Two weeks since the tragic events in Algeria and it already feels like last year's news. Media moves on from one crisis to the next, and people's attention span follows suit.
I came to know about it as the news became a trending topic in Twitter Japan, very unusual since the top normally is 楽しみ (tanoshimi — a pleasure) (as it is right now) or anything as informative as that. The news was linked to a government communiqué about Prime Minister cutting short his trip around Southeast Asia and establishing a crisis center in Tokyo. While that is a common practice, I could not help feeling that some political opportunism was behind the reaction. Was all the fuss going to be used as an argument for a stronger Self-Defense Forces (SDF)? Did that make any sense?
I wonder if that crisis room in Tokyo made any difference for the lives of the workers in Algeria. The report in Asahi quotes officials saying that they were insufficiently prepared, that there were "not even a standard procedure for issuing instructions to the Foreign Ministry and the National Police Agency". What kind of instructions were they expecting to give them? Deployment? Did they have intelligence available? I doubt it. If anything at all, the crisis room is just a "security theater" to show the public that the government cares about its nationals —even if they are only there to see them die.
The crisis room is not the only option. Last July during the Ministerial Conference in Sendai hosted by the very Minister of Foreign Affairs, a crisis about the Russian islands in dispute erupted. In the breaks of the conference, the press was waiting him on the halls for giving his reaction, which he properly answered. Still, he did not abandon the meeting. Sure, the situation is not identical, but I wonder if the present government would have had a similar reaction.
A valid point — which Shinsaku made clear to me — is the problem of not being able to deploy airplanes to pickup the bodies of the victims. Restrictions for that kind of operations in the SDF are very harsh, probably to the point of non sense. And, sure, governments are supposed to care about their nationals and if they can or want to do anything to help them they may be entitled to try it — although I would not go as far as to justify compromising the safety of your beloved tomodachis.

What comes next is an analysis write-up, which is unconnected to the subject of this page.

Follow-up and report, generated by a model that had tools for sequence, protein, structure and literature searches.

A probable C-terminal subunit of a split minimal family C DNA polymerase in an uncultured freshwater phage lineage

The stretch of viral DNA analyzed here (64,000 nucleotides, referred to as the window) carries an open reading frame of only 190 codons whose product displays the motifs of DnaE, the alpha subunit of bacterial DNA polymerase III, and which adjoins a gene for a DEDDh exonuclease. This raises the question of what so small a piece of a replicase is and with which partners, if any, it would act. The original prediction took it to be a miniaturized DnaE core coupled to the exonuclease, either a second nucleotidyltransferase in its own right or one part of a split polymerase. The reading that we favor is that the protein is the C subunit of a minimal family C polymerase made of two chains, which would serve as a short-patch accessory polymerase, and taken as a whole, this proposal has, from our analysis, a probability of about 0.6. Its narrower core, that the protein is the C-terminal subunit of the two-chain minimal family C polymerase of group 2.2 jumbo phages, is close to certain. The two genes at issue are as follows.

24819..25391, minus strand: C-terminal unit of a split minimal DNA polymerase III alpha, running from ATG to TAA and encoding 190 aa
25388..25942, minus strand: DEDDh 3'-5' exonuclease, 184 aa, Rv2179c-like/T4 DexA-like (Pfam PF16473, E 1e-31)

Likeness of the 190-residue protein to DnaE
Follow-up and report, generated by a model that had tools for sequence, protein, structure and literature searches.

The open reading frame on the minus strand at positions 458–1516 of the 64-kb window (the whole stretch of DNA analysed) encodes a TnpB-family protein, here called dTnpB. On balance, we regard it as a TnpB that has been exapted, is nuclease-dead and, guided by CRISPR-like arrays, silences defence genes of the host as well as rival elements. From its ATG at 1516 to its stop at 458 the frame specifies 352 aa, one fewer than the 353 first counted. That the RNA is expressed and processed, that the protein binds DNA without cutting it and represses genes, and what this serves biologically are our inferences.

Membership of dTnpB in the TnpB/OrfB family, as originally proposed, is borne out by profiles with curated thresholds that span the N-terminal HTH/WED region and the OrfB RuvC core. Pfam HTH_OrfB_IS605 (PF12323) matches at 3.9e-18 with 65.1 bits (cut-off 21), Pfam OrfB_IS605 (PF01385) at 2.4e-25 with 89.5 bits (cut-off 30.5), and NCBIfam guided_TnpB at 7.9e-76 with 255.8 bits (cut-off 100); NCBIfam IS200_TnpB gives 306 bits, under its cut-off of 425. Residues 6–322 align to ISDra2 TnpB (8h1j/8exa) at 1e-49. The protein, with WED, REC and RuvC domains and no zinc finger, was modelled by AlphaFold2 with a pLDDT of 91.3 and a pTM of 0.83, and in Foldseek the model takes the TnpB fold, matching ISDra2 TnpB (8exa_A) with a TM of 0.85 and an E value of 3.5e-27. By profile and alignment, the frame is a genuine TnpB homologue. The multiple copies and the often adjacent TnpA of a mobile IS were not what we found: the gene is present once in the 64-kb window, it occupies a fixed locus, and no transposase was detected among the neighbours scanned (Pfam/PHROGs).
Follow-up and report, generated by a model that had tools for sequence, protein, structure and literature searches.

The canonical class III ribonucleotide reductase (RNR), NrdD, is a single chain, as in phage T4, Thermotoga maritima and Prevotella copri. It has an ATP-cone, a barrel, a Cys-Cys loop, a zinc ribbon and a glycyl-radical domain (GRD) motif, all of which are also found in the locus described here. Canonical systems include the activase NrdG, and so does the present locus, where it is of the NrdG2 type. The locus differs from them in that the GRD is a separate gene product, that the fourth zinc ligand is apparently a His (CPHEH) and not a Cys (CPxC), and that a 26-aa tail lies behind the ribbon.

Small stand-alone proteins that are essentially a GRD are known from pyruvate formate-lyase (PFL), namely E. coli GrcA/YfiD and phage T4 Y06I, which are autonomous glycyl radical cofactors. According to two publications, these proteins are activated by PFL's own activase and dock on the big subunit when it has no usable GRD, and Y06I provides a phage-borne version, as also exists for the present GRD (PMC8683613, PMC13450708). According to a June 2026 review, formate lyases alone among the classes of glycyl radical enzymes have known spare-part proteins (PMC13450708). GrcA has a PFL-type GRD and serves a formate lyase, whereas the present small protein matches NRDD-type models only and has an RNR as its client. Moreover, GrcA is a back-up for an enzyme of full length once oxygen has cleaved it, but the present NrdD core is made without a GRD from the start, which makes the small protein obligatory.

However, as Shinsaku also points out, the case was not only of Japanese nationals, but of a Japanese company workers. He praises the professionalism shown by the company officials for...
No crying jags, no whining about how little the government could tell them about the situation in Algeria, no checking into the hospital for stress, no idiotic standing up and bowing to take responsibility for things they had no control over...
Basically, he prises them for not being the government and not doing what the government is expected to do. Foreign Minister Genba showed it is possible to do it that way.
He also criticizes the following:
The stoic yet caring conduct of JGC Corp.'s executives almost makes me forget Prime Minister Abe Shinzo's ludicrous reference to the dead workers as "corporate war dead" (kigyo senshi - Link - J) and the news media's attempts to make an issue out of one of those killed's having been a dispatched worker from a personnel firm -- as if we all bought in to the concept that the killing of a full-time employee was somehow less sad.
Totally agree with his point, any loss of life is equally sad. So, what about other JGC employees who were not Japanese nationals? Observe that the second highest toll after the incident was of Filipinos. But, why are we to name the dead for their nationality instead of their work affiliation? Why do we send company employees but bring back compatriots? I have not come across any mention on Philippine newspapers of companies doing the same there. Foreign personnel do not seem to deserve the charter flight and the caring conduct. What Shinsaku lauds is just part of the usual nationalistic kabuki.
It is kind of ironic that just one week later, the Asahi in its global edition published a special titled "Movin' out to Asia" about Japanese, among others, applying for jobs as locals for Japanese companies in other parts of Southeast Asia. It is a very informative, for example, to know that 2011 saw the largest increase of Japanese nationals living abroad (flyjin anyone?). Although you don't need to read it to know that people recruited locally receives way less benefits from the job. Surprising is that even then it is still an appealing option.
In one of the articles one Korean bureaucrat tells the journalist that "If people start thinking of home as where the work is, this will expand possible areas of employment." That new home includes the government and all their institutions, I am afraid. In the end, the hosts sharing their daily lives with the expatriates are the persons in the best position to help them, no matter how many crisis rooms or caring executives thousand kilometers away there are.
True, they are also in the best place to hurt them. It seems that someone inside the gas field helped the terrorists. The attack took place the same day that foreign executives were visiting the plant. But, it would take more than drones to deal with the people and the motivations behind such acts — you never know, maybe the very local hiring conditions are to blame...
This article has been written by:
Oscar A. Gómez S.